In 1853 Tsar Nicholas I famously described the Ottoman Empire as ‘the sick man of Europe’. That was on the eve of the Crimean War, when the sick man helped Britain, France and the Kingdom of Sardinia (Italy in embryo) defeat the tsar’s empire. Today, Lord Patten of Barnes, former European commissioner for external relations and currently chairman-in-waiting of the BBC Trust, argues that Turkey is a role model for other Islamic societies, striving to accommodate democracy, civil liberties, the rule of law, an open economy, pluralism and religion. As a member of the European Union, the Turkish Republic, shaped by its founding father Mustafa Kemal Atatürk, would add to the EU a new dimension of enormous historic importance, Patten says. Putin’s Russia, on the other hand, is not usually considered as a role model for ex-Communist countries. Two books, both written by academic historians, but utterly different in style and approach, help us understand where Turkey stands today and how it has achieved its present stature.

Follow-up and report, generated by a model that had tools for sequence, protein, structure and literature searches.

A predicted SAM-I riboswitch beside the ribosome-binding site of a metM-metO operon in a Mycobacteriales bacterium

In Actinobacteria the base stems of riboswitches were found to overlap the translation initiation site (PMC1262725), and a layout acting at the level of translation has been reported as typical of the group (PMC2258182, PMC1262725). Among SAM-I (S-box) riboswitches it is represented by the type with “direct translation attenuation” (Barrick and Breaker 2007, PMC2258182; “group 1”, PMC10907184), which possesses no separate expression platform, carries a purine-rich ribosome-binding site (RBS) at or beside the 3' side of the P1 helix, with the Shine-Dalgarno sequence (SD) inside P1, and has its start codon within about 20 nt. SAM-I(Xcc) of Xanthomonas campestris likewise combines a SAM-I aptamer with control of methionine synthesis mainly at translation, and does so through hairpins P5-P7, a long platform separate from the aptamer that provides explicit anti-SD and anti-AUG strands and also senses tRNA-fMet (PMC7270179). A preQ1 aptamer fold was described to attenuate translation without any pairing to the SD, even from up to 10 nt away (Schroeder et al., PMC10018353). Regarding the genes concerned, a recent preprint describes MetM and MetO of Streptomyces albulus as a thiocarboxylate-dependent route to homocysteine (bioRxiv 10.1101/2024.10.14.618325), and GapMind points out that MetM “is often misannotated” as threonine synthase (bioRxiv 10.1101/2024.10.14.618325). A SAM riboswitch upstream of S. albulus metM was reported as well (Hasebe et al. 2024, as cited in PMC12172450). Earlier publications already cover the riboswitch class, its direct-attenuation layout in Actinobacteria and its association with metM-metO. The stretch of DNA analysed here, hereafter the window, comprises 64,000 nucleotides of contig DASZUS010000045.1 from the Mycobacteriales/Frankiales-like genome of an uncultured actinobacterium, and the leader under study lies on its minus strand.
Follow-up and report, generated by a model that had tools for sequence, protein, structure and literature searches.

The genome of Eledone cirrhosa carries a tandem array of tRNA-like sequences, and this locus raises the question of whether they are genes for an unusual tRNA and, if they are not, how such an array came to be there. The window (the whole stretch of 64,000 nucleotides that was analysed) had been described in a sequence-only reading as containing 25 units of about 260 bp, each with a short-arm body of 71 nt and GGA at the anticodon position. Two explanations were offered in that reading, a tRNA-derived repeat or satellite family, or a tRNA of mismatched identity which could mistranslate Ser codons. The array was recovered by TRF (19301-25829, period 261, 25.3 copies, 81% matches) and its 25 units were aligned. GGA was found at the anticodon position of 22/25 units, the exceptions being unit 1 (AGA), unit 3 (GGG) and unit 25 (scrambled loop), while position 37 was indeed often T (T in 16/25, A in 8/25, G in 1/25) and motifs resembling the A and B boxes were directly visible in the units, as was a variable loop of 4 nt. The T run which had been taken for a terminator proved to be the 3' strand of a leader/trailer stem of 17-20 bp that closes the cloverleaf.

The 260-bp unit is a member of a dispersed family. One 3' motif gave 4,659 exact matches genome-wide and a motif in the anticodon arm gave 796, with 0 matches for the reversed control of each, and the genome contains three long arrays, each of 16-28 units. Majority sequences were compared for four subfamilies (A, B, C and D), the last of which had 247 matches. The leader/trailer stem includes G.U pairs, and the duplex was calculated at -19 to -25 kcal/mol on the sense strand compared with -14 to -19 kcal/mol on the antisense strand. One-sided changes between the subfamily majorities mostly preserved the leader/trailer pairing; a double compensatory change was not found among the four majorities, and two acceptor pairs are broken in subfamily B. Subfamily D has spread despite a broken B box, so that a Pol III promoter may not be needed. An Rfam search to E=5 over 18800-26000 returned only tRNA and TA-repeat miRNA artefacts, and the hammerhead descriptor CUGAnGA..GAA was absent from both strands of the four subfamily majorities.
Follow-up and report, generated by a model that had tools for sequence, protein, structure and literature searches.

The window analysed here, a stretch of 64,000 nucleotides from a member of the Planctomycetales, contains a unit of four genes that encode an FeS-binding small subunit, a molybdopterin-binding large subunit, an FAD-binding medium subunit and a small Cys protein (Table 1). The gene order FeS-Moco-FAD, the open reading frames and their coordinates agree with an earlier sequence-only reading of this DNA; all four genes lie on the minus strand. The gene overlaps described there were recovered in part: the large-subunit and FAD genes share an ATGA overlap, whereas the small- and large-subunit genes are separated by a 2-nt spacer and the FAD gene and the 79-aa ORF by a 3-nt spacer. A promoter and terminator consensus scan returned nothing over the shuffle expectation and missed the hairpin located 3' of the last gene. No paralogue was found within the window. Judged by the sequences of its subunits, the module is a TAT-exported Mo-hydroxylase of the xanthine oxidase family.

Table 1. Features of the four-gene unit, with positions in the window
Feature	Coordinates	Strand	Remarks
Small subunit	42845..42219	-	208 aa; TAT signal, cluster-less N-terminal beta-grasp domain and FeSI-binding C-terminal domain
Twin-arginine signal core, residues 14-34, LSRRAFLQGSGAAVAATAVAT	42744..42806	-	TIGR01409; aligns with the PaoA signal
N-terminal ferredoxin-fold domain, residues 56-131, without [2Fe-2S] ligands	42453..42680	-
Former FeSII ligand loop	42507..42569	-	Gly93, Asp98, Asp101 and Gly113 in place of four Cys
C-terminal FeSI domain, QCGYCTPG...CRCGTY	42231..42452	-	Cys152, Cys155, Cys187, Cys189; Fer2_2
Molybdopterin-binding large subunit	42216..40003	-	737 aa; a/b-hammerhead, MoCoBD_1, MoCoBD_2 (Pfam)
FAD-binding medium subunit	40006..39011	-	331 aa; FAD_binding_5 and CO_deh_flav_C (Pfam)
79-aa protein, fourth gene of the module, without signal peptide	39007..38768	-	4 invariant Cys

Follow Literary Review on Twitter
An author bought a diary on eBay. By a stroke of luck, it formerly belonged to Dora Maar, Picasso's Weeping Woman. Her address book was still tucked inside. What a starting point for a biography, but oh! did I despair of the exclamation marks! https://literaryreview.co.uk/the-art-of-deduction @Lit_Review
Whitman 'licensed poets to place themselves centre stage in their prose, from Adrienne Rich in "What is Found There" to Susan Howe in her prose-poetry hybrids.'
In his memoir, Mark Doty replicates Walt Whitman's 'aesthetic of intimacy', says @nemoloris.
My review of James Hankins' "Virtue Politics: Soulcraft and Statecraft in Renaissance Italy" in this month's @Lit_Review https://literaryreview.co.uk/good-rule-hunting